DALLAS -- Texas officials said yesterday that plans to revamp a proposed $750 million revenue bond bank for school facilities appear dead as lawmakers focus instead on directly subsidizing debt payments by the poorest school districts.

State Sen. Teel Bivins, R-Amarillo, said he will propose a $50 million annual program to help districts with small property tax bases to fund capital programs. That, he said, would be more cost-effective than issuing revenue bonds for a bond bank, the alternative some lawmakers have been discussing since voters rejected the earlier bond bank plan and its general obligation issuance on May 1.

Bivins said the subsidy proposal would probably be part of the omnibus school finance bill that lawmakers must finalize by next Friday if they are to meet a June 1 deadline to draft a new school finance law. The failure to do so would result in a court-ordered cutoff of state funding for local education.

Both Bivins and Wardaleen Belvin, special assistant to Lieut. Gov. Bob Bullock said lawmakers have turned against trying to salvage the bond bank program. The lieutenant governor presides over the Senate.

"There's no attempt to use revenue bonds," said Belvin. Instead, she said, lawmakers are leaning toward providing cash for debt service payments as part of a larger plan to pass a law that gives the state's 1,048 district equal access to funding.

Bivins said the $50-million-a-year program would be equal to what the state would have needed to retire GO bonds for the bond bank.

The direct subsidy to the districts would come out of general revenues and could be funded by cuts in other state programs. "We have finite revenue this year." Bivins said in an interview. "It has to come out of that because we're not going to have a tax bill this year."

Unlike the bond bank, the direct subsidies apparently will not help fast-growing districts with facilities funding. "There seemed to be some opposition to that part of the idea," Bivins said.

Under his proposal, the Texas Education Agency would run the debt service subsidy program and be responsible for certifying that a district was eligible to participate. Once approved, a district would be eligible for a subsidy based on its financial resources. The goal is to provide the greatest help to the poorest schools.

Bivins said the subsidy would not cover the debt service on an entire bond issue, but that voters would still have to have approved the entire offering. The bonds would still be secured by a tax pledge of the district.

With voter backing secured, the district would secure the subsidy by entering a "moral obligation contract with the state," Bivins said. As grants, the funds would not have to be repaid.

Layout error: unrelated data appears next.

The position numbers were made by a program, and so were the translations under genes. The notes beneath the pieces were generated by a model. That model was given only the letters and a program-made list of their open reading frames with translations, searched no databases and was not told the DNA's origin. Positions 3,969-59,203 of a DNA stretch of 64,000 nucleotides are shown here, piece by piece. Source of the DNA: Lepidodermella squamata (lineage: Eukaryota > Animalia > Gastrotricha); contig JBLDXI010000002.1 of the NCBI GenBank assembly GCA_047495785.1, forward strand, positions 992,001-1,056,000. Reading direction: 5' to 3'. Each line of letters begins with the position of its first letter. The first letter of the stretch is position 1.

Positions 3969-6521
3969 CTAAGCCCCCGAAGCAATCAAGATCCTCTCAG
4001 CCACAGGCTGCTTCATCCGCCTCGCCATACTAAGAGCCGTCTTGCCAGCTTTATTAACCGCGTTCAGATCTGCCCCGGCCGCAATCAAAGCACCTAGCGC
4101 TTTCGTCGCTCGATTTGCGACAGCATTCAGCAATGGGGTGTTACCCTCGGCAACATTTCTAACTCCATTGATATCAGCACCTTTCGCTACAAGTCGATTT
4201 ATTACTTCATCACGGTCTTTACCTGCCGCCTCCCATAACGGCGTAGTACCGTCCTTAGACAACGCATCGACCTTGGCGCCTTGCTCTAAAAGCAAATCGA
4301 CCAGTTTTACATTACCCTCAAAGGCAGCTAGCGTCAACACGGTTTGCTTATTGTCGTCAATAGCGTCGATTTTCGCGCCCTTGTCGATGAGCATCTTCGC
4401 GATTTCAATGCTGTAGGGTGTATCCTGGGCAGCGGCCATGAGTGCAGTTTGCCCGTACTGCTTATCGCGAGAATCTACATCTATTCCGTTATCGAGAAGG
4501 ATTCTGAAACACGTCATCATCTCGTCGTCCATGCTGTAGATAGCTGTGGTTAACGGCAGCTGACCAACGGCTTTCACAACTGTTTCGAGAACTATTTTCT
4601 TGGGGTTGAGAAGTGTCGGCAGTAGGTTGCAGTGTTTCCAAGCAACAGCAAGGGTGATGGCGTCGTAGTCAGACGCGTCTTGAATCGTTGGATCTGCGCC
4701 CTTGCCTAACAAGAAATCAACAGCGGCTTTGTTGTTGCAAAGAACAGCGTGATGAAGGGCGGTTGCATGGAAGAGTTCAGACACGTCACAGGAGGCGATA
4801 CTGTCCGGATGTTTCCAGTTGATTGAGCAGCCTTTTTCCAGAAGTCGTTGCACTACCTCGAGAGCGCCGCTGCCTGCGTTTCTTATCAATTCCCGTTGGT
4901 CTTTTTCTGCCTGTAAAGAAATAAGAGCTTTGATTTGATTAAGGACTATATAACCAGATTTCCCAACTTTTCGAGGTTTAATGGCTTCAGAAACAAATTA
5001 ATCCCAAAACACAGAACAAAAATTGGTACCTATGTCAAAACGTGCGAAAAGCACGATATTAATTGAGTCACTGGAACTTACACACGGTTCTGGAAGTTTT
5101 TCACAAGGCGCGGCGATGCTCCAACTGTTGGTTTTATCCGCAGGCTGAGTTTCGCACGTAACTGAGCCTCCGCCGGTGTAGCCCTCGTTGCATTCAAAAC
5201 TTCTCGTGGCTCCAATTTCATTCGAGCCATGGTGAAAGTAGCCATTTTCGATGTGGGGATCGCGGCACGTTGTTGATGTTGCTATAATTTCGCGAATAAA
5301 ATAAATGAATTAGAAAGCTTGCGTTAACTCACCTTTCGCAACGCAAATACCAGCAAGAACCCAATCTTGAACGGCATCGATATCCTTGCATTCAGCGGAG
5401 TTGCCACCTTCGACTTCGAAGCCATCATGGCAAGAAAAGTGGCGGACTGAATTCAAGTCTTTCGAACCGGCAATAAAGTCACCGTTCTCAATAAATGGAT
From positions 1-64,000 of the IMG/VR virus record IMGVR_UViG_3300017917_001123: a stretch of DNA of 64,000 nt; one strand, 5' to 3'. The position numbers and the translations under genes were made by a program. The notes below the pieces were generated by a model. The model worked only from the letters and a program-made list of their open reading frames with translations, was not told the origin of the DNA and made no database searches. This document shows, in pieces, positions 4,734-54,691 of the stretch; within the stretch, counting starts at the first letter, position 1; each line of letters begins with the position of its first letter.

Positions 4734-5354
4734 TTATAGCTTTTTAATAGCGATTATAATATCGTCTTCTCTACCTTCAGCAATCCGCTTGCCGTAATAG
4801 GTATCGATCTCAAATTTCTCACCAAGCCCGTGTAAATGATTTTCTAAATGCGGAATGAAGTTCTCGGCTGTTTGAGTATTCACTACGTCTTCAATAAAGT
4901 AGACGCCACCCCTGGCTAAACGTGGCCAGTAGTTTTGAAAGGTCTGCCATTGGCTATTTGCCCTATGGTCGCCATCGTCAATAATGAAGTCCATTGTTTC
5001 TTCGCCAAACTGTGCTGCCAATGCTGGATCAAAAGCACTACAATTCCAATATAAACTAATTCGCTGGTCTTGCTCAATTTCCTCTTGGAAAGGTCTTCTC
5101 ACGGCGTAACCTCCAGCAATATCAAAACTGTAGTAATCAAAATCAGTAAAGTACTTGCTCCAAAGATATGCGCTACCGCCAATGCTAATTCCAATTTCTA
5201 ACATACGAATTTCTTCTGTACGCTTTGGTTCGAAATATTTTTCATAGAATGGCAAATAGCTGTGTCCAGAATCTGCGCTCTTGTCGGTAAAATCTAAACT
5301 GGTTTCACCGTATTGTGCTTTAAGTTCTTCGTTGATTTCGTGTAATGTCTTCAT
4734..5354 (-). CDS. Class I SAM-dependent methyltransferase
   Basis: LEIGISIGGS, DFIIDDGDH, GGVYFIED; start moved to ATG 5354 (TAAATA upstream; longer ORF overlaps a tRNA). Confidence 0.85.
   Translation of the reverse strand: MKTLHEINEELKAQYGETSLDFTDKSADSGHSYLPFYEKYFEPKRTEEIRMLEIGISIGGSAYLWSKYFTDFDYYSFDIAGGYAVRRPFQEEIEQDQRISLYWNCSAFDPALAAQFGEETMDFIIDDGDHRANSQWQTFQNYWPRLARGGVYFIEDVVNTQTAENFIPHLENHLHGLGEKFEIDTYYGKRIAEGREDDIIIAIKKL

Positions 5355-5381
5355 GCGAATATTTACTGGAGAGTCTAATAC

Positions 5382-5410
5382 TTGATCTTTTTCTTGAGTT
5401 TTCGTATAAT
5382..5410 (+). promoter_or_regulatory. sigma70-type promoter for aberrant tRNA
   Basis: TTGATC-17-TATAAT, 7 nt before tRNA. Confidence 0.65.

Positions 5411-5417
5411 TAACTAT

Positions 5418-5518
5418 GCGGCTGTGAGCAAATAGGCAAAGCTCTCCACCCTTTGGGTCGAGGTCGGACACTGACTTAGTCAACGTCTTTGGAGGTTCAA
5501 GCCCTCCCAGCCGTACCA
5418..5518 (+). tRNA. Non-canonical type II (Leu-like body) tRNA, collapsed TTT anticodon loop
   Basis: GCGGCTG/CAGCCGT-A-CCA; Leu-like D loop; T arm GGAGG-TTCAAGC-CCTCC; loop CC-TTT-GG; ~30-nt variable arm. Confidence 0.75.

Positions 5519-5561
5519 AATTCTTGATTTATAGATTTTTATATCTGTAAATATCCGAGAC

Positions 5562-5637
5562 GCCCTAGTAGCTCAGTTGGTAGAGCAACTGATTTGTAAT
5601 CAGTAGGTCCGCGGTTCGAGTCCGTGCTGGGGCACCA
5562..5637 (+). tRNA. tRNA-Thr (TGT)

The contract would detail how much subsidy the district would receive and would probably make future payments conditional on the district's need. For instance, if a poor district were to experience a sudden increase in tax wealth, it might no longer be eligible for subsidy.

Bond dealers yesterday said the Bivins proposal could help the state's neediest schools, and they said they doubted that the revenue bond bank would have worked. Privately, many investment bankers were critical of the bank plan, with some saying it was a threat to traditional school debt issuance.

"There has never been an objection the state providing help with debt service, it was just a matter of how you do it," said Danny Burger, executive director of the Municipal Advisory Council of Texas, the state's industry trade group. "This is one that may have support as an option" for schools.

Bivins said the program would accomplish the same as the school bond bank program that was first passed in 1989. However, he said that it would avoid many of the limitations the revenue bond-financed program has faced.

For instance, state officials have been waiting for nearly a year for the Internal Revenue Service to determine whether the program would be eligible to guarantee the local bonds with the state's triple-A rated Permanent School Fund. Without that IRS approval, districts would have to issue lower-rated bonds at a higher cost.

The revenue bond bank has been structured, by the Texas Bond Review Board, where officials said yesterday they had expected lawmakers this spring to consider modifications to the program, not its elimination, so that it could finally begin selling debt.

"We have not assumed the existing program is dead, because it hasn't been repealed," said Jim Thomassen, executive director of the review board. "Whether there's a use for it, we don't know."

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